Native to the West African countries of Cameroon, Equatorial Guinea, Gabon, the Republic of the Congo and the Democratic Republic of the Congo. Populations from different collection localities are known to vary in both colour and patterning and thus should be labelled as such if the details are known in order to preserve bloodlines.
For example male fish from the River Nyong basin close to Sombo in Cameroon turn a stunning uniform blood red colour when in spawning condition whereas those from around Awae (also in the Nyong but further upstream) only exhibit this on the rear half of the body.
Specimens from other localities within Cameroon such as the Sanaga, Ntem and Dja rivers exhibit similar, often subtle, differences. We’ve also seen pictures of a form from Gabon with an almost completely grey body colour but stunning deep red to black dorsal and ventral fins in sexually mature males.
Inhabits typical slow-moving, shallow, shady rainforest streams and swamps with dense marginal vegetation. The water is stained brown due to the release of tannins and other chemicals released by decomposing plant matter and the substrate scattered with fallen leaves, twigs and branches. Such environments characteristically contain very soft (negligible hardness), acidic, cool water and are often dimly-lit due to the rainforest canopy above.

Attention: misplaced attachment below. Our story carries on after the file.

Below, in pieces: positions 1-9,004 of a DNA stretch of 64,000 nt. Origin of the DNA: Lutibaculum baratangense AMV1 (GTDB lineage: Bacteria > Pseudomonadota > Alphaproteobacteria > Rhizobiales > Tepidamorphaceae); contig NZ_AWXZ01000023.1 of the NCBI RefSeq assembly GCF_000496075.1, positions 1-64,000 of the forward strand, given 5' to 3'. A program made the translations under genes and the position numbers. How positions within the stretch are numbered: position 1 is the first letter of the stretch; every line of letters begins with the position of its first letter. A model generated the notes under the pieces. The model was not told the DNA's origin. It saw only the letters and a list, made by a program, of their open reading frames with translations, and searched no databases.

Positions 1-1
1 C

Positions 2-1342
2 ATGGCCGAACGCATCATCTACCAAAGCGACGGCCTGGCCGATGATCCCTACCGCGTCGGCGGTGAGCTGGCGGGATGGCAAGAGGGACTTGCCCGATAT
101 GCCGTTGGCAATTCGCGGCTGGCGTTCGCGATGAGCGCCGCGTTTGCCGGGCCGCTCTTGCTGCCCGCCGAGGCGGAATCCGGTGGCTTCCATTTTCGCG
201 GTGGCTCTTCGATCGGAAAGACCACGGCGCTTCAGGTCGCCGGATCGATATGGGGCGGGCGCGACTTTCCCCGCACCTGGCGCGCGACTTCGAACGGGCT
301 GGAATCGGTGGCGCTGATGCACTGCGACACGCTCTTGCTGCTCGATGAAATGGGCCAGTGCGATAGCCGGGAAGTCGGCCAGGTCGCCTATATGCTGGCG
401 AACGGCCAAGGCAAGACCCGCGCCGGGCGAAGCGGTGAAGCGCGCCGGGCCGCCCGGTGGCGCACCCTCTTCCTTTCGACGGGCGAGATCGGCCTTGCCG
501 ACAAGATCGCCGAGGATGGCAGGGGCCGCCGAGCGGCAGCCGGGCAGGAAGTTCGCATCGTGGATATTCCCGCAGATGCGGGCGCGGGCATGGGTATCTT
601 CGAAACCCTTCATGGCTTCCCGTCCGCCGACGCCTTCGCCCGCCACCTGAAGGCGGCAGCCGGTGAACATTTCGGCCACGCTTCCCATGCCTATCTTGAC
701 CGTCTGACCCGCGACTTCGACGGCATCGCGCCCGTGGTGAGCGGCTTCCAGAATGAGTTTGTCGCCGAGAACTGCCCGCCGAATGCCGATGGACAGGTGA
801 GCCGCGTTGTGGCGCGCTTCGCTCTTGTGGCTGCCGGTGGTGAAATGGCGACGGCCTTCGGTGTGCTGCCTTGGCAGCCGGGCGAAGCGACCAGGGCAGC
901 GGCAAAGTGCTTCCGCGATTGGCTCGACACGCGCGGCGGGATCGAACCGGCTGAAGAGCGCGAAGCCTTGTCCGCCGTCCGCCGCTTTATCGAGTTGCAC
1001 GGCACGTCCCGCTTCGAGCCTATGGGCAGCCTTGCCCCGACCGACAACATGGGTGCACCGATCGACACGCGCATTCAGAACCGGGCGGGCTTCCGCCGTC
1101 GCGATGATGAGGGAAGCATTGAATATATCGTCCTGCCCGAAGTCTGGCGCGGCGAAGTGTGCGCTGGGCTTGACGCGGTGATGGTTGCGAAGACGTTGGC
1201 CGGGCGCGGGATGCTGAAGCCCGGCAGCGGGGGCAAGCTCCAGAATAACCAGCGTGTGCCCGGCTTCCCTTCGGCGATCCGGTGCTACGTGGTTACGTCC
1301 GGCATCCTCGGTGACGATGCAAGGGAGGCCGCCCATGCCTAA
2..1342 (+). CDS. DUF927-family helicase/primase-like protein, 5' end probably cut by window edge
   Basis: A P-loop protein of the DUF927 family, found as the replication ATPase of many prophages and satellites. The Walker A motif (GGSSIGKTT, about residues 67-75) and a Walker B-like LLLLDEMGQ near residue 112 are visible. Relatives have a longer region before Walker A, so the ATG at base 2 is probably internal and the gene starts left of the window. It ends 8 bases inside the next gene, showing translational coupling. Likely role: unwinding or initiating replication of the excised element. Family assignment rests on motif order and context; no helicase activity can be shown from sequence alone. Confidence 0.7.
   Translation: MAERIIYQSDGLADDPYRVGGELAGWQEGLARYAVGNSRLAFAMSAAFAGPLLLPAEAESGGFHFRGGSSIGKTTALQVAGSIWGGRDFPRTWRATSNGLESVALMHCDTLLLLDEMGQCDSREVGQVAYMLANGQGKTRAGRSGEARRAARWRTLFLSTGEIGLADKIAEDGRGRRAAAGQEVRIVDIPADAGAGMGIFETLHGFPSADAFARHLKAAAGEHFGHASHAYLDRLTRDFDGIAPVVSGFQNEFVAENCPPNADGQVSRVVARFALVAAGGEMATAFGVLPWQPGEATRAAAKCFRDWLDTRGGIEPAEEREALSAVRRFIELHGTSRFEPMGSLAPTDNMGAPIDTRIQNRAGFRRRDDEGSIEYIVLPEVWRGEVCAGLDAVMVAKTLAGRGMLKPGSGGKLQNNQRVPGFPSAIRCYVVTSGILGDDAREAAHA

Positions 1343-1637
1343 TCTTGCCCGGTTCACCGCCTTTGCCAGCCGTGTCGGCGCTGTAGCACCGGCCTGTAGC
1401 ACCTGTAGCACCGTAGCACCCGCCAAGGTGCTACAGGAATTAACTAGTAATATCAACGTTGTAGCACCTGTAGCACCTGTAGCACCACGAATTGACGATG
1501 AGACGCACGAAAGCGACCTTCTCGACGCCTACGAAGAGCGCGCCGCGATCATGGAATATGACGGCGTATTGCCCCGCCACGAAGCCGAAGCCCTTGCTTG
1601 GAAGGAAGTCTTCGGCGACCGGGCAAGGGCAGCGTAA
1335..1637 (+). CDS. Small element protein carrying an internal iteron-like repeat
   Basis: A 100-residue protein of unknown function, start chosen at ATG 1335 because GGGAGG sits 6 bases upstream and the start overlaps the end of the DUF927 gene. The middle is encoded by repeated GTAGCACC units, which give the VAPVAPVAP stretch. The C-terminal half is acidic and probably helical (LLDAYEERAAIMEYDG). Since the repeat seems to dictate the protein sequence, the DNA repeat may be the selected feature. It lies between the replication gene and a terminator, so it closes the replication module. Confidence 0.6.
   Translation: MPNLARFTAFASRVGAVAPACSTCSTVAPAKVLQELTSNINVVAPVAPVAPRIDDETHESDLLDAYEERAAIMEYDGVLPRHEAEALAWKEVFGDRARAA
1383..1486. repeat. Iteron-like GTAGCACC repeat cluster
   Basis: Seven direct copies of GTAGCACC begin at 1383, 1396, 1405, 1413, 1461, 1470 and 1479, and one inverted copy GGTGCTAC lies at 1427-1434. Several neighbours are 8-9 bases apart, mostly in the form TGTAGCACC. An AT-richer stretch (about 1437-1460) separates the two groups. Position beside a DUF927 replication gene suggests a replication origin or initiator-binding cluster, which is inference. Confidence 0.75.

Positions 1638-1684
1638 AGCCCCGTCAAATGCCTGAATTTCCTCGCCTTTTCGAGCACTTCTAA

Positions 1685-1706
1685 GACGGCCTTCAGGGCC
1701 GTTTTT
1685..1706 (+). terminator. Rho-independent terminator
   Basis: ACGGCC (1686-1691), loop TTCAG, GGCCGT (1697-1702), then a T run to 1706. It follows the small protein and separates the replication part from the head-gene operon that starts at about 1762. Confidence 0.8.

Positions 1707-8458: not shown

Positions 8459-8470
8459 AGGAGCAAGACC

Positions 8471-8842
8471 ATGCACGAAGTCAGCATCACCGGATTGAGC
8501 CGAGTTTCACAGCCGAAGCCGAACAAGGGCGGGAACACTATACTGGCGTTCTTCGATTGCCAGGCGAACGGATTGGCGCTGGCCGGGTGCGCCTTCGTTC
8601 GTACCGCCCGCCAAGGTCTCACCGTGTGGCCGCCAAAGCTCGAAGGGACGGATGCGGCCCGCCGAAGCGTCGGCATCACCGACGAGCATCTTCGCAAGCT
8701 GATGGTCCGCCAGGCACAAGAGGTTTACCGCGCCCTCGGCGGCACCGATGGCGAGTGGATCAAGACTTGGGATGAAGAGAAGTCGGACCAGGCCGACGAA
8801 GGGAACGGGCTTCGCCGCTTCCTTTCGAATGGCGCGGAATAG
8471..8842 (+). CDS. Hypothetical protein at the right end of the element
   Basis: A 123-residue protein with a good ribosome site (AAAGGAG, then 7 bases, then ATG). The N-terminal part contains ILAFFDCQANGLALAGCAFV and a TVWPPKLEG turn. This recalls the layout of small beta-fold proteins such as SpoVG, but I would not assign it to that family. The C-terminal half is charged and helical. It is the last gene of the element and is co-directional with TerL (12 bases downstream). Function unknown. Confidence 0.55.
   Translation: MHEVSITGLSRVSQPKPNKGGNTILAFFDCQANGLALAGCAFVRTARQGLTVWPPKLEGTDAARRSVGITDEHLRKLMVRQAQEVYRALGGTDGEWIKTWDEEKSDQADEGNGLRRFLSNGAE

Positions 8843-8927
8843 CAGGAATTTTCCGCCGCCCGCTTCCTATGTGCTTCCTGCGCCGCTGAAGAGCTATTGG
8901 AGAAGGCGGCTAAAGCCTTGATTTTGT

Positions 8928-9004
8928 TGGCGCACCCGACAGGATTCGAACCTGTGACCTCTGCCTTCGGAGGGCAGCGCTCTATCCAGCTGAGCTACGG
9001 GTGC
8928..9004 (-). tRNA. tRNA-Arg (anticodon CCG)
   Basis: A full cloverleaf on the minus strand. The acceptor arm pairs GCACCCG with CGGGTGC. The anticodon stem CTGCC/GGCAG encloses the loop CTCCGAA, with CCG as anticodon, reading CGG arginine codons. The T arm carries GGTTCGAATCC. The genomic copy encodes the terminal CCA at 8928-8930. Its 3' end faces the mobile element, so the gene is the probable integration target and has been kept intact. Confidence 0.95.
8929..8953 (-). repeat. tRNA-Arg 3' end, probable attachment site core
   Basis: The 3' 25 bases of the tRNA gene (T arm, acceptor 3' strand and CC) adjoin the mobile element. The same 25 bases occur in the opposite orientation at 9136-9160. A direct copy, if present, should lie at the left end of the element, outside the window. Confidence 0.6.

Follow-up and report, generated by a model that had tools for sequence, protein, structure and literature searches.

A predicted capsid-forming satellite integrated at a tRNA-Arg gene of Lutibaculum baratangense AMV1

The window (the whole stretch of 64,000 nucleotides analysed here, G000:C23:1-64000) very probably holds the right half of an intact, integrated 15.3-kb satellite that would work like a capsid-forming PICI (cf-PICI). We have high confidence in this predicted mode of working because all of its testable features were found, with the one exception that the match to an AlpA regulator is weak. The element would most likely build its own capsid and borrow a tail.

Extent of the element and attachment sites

Maximum Standard Length
35 – 40 mm.
Aquarium SizeTop ↑
Base dimensions of at least 45 ∗ 30 cm are recommended.
This species can be maintained quite successfully in a well-planted tank with soft water but to see it at its best a biotope-style set-up is recommended. A soft, sandy substrate is probably the best choice to which can be added a few driftwood roots and branches, placed in such a way that plenty of shady spots are formed. If you can’t find driftwood of the desired shape common beech or oak is safe to use if thoroughly dried and stripped of bark.
The addition of dried leaf litter (beech, oak or Ketapang almond leaves are all suitable; we like to use a mixture of all three) would further emphasise the natural feel and as well as offering even more cover for the fish brings with it the growth of microbe colonies as decomposition occurs. These tiny creatures can provide a valuable secondary food source for fry whilst the tannins and other chemicals released by the decaying leaves are thought to be beneficial for blackwater fish species such as this. Certainly ‘B.‘ jae is known to display much more intense colouration in tannin-stained water. Leaves can be left in the tank to break down fully or removed and replaced every few weeks.